Question from a Member who is a psychiatrist in Greece. Asked during the coronavirus pandemic in April 2020:
I would like to get informed about reliable studies on the way psychiatric drugs affect the immune system. Here in Greece, we are trying to help colleagues treating COVID-infected patients who are on psychiatric drugs with relevant information.
The immune system is affected in several mental disorders and psychotropic medications affect the immune system. In fact, there is an entire field called psychoneuroimmunology or immunopsychiatry, which studies the mutual interactions between the brain and immune systems (Lancet Psychiatry 2015; Pariante, 2015).
On this page, I will focus on the interaction between psychotropic medications and the immune system.
Immune system abnormalities are predictors of response to treatment
A meta-analysis of studies found that patients with major depressive disorder whose depression responded to treatments antidepressant medications had lower serum interleukin 8 levels prior to treatment than those who did not respond to antidepressant treatment (Liu et al., 2020).
Regarding treatment, there is data supporting both of the following:
– Anti-inflammatory medications as potential future treatments for some patients with depressive disorders
– Antidepressants acting to optimize immune responses in patients with depressive disorders
Let’s look at both of these, one by one.
Anti-inflammatory medications as treatments for depressive disorders?
Due to considerable evidence of inflammation in patients with depressive disorders, it makes sense to research whether anti-inflammatory treatments can lead to an improvement in depression. A meta-analysis of clinical trials found that many different anti-inflammatory treatments have been found to be effective in some patients with depressive disorders (Köhler-Forsberg et al., 2019). The main ones among these are non-steroidal anti-inflammatory drugs (NSAIDs), cytokine inhibitors, and statins (Köhler-Forsberg et al., 2019). There is also some limited research suggesting the efficacy of minocycline, pioglitazone, and glucocorticoids (Köhler-Forsberg et al., 2019).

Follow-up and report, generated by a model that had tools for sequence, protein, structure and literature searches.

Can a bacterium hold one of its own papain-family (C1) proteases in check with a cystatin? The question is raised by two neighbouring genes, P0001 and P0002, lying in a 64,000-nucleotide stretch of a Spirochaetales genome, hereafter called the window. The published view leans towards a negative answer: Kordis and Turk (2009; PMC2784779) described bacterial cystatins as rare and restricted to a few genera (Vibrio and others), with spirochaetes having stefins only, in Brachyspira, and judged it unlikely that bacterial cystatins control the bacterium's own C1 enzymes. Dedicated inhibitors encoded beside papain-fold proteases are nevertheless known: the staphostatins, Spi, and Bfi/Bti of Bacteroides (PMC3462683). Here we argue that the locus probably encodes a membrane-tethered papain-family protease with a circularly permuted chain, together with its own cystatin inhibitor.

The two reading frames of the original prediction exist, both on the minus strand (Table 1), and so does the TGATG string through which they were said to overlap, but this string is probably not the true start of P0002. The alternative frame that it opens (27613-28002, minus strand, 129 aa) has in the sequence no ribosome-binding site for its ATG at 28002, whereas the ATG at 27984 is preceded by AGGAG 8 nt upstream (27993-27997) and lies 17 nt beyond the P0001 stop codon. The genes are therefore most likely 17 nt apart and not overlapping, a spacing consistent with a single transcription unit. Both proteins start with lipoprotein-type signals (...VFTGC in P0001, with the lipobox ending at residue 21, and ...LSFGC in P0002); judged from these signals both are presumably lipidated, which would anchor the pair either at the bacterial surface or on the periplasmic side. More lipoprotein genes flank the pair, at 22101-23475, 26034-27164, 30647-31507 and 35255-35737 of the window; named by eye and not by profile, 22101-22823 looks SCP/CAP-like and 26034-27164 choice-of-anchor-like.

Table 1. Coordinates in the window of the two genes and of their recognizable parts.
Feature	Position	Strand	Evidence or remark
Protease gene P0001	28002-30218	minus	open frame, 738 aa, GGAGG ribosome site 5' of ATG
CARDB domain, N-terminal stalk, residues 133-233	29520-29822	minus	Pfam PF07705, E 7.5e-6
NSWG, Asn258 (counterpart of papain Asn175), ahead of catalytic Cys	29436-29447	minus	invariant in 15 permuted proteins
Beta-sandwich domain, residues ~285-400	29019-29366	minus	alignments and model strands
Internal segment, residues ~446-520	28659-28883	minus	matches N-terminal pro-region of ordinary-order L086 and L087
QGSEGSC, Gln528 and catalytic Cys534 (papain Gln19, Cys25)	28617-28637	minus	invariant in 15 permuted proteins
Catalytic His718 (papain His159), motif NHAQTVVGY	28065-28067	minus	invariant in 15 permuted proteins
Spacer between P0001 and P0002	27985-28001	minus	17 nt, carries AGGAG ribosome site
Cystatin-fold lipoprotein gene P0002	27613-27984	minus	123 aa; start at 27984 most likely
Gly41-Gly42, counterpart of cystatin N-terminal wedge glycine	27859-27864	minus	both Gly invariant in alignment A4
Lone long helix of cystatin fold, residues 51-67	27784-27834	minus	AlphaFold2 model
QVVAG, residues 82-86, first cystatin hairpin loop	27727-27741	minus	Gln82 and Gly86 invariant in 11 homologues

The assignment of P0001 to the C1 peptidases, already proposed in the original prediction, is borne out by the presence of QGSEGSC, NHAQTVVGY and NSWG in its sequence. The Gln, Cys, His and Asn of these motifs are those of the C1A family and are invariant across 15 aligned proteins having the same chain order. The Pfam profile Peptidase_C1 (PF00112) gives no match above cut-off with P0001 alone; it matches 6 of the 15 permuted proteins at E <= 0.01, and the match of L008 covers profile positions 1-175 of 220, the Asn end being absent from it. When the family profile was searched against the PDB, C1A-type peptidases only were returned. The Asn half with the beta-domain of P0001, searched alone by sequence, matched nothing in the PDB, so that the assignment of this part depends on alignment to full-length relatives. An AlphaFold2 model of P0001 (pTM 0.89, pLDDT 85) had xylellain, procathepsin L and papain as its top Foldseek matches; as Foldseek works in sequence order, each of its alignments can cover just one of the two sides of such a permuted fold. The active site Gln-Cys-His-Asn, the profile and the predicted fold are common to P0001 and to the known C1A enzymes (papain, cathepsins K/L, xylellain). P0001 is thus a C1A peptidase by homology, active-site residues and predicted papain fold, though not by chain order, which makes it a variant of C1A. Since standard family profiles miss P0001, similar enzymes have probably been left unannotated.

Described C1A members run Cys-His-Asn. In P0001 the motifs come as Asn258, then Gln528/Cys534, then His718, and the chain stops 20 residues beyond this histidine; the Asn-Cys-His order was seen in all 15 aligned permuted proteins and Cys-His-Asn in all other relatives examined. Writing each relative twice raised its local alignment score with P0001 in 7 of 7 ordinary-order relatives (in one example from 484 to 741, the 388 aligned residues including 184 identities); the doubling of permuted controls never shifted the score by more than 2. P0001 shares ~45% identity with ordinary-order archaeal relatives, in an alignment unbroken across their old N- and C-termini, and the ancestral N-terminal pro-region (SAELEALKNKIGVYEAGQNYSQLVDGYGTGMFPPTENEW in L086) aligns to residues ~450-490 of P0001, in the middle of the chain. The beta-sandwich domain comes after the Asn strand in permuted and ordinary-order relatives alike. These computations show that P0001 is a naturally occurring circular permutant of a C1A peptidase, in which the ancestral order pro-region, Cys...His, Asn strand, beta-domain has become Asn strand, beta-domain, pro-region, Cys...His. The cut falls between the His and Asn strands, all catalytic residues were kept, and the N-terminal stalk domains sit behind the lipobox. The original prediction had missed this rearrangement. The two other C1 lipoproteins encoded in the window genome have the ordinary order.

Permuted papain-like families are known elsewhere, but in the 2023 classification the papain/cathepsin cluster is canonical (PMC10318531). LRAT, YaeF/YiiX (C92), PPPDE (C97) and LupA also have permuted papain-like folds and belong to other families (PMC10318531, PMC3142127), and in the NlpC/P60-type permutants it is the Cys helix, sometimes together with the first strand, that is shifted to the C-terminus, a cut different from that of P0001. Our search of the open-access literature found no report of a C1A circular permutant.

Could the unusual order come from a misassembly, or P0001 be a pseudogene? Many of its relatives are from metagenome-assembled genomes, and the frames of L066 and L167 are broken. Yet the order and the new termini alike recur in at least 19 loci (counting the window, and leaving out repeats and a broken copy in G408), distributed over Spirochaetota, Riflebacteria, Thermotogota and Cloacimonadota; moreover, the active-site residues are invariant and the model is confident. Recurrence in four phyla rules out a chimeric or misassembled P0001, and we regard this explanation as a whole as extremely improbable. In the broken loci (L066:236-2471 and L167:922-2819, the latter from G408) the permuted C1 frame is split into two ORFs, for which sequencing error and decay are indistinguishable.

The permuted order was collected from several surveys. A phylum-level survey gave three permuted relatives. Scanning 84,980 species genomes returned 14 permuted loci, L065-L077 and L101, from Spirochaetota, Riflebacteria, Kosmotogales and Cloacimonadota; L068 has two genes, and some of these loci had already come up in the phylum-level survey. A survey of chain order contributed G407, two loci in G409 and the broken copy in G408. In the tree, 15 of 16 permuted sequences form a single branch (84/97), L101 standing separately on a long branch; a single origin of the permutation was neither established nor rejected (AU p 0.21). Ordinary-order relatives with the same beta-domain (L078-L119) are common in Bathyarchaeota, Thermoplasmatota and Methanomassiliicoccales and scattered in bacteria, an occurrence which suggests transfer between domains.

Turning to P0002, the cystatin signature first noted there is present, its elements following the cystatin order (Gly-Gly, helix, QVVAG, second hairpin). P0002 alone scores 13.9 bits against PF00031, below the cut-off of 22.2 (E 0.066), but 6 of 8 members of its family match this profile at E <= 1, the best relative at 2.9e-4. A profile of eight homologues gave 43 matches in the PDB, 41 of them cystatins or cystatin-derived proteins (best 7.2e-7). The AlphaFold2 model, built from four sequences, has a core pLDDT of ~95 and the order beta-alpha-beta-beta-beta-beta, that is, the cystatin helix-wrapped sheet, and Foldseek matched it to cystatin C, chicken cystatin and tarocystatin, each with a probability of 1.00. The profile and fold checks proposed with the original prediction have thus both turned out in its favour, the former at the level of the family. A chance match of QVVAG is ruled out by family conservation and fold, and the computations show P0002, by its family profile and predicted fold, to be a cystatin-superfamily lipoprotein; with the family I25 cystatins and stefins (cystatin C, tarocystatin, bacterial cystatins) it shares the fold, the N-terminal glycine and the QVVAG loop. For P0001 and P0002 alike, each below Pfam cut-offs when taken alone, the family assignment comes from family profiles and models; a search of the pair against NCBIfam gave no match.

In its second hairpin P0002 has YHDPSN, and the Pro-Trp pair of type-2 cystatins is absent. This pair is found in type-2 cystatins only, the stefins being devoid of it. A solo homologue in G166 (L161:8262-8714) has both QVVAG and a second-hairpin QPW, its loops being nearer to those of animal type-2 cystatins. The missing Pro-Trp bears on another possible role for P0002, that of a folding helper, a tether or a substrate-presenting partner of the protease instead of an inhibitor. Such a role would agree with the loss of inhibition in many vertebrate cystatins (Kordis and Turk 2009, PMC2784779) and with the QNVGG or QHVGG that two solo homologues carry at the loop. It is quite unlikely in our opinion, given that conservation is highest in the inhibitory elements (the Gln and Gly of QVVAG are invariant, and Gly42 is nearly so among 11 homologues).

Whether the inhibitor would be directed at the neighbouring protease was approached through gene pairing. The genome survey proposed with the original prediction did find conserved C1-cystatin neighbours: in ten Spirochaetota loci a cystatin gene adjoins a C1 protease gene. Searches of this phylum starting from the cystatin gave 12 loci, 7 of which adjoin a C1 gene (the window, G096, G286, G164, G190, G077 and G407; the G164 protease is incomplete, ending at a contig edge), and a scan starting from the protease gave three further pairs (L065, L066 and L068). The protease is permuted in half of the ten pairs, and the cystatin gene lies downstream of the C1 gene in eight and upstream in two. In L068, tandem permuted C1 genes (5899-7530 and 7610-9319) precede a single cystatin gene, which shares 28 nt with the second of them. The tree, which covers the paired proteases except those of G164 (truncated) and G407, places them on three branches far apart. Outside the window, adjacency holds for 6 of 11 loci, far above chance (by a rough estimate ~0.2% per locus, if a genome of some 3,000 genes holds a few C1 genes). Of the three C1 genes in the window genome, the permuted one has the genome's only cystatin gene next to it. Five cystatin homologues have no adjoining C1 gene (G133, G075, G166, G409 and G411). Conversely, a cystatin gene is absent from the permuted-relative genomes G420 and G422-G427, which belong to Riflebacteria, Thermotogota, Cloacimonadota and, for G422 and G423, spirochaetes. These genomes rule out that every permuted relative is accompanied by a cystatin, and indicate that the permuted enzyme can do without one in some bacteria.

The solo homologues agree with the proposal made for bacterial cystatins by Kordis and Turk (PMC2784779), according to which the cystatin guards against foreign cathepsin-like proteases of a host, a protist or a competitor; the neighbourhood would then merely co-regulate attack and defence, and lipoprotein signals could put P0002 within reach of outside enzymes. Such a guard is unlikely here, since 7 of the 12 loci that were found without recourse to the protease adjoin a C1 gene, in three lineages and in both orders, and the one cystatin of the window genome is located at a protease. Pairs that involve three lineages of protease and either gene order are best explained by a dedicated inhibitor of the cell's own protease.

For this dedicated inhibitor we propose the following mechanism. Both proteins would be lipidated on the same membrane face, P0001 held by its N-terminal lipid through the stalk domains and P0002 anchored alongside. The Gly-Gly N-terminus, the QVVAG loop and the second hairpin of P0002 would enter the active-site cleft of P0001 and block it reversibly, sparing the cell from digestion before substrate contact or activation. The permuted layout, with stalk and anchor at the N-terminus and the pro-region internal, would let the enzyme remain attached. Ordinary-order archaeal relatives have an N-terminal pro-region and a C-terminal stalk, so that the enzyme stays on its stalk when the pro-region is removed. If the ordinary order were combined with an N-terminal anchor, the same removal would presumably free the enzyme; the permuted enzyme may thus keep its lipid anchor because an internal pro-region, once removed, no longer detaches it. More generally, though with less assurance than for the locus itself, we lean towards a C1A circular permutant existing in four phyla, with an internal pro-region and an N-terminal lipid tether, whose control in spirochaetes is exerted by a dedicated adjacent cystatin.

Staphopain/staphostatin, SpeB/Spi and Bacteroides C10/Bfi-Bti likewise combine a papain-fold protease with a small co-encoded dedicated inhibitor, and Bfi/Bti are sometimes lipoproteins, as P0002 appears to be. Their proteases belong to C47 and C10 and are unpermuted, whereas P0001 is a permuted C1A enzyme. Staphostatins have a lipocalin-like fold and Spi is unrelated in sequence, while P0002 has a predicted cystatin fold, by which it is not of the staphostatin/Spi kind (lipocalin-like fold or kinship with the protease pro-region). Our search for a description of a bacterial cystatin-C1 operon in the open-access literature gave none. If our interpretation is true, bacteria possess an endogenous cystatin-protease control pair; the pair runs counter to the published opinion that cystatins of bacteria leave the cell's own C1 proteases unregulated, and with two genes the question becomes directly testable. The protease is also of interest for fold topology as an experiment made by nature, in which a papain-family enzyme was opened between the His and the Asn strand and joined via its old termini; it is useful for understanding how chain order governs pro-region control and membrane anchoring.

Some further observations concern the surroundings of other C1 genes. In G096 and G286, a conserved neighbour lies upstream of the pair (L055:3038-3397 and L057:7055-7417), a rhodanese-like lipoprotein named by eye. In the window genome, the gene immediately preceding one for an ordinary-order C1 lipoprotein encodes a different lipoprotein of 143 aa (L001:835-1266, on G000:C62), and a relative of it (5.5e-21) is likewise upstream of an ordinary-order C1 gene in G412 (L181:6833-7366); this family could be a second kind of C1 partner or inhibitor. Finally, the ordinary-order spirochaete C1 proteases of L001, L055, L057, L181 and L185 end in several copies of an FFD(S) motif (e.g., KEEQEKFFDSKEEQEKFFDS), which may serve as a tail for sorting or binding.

The cytokine inhibitors most studied for this purpose are anti-TNF-α agents including adalimumab, etanercept, infliximab, and tocilizumab (Kappelmann et al., 2018).
Effect of antidepressants on the immune system
In general, antidepressant medications tend to reduce the overactive inflammatory processes that are found in many patients with depressive disorders (Eyre et al., 2016; Hiles et al., 2012).
Some inflammatory markers decrease after antidepressant medication irrespective of whether or not the depression responds to treatment. For example, antidepressant medications are associated with a decrease in levels of interleukin 6 irrespective of whether or not the patients responded (Stawbridge et al., 2015).
Other inflammatory markers improve only in patients whose depression improves after antidepressant treatment. For example, in a meta-analysis of studies, treatment with antidepressant medications was associated with decreased levels of tumor necrosis factor–alpha (TNF-α), but only in those who responded to the treatment (Liu et al., 2020; Stawbridge et al., 2015).
Antidepressant medications and viral infections
Persons with mood disorders may be at higher risk of herpes zoster infection (Schmidt et al., 2018; Irwin et al., 2011) and of greater severity of the disease (Irwin et al., 2011).
Also, adolescents and adults with major depressive disorder, or even remitted major depressive disorder, have been found to be less likely to have anti-measles immunity despite having received childhood measles vaccination (Ford et al., 2019).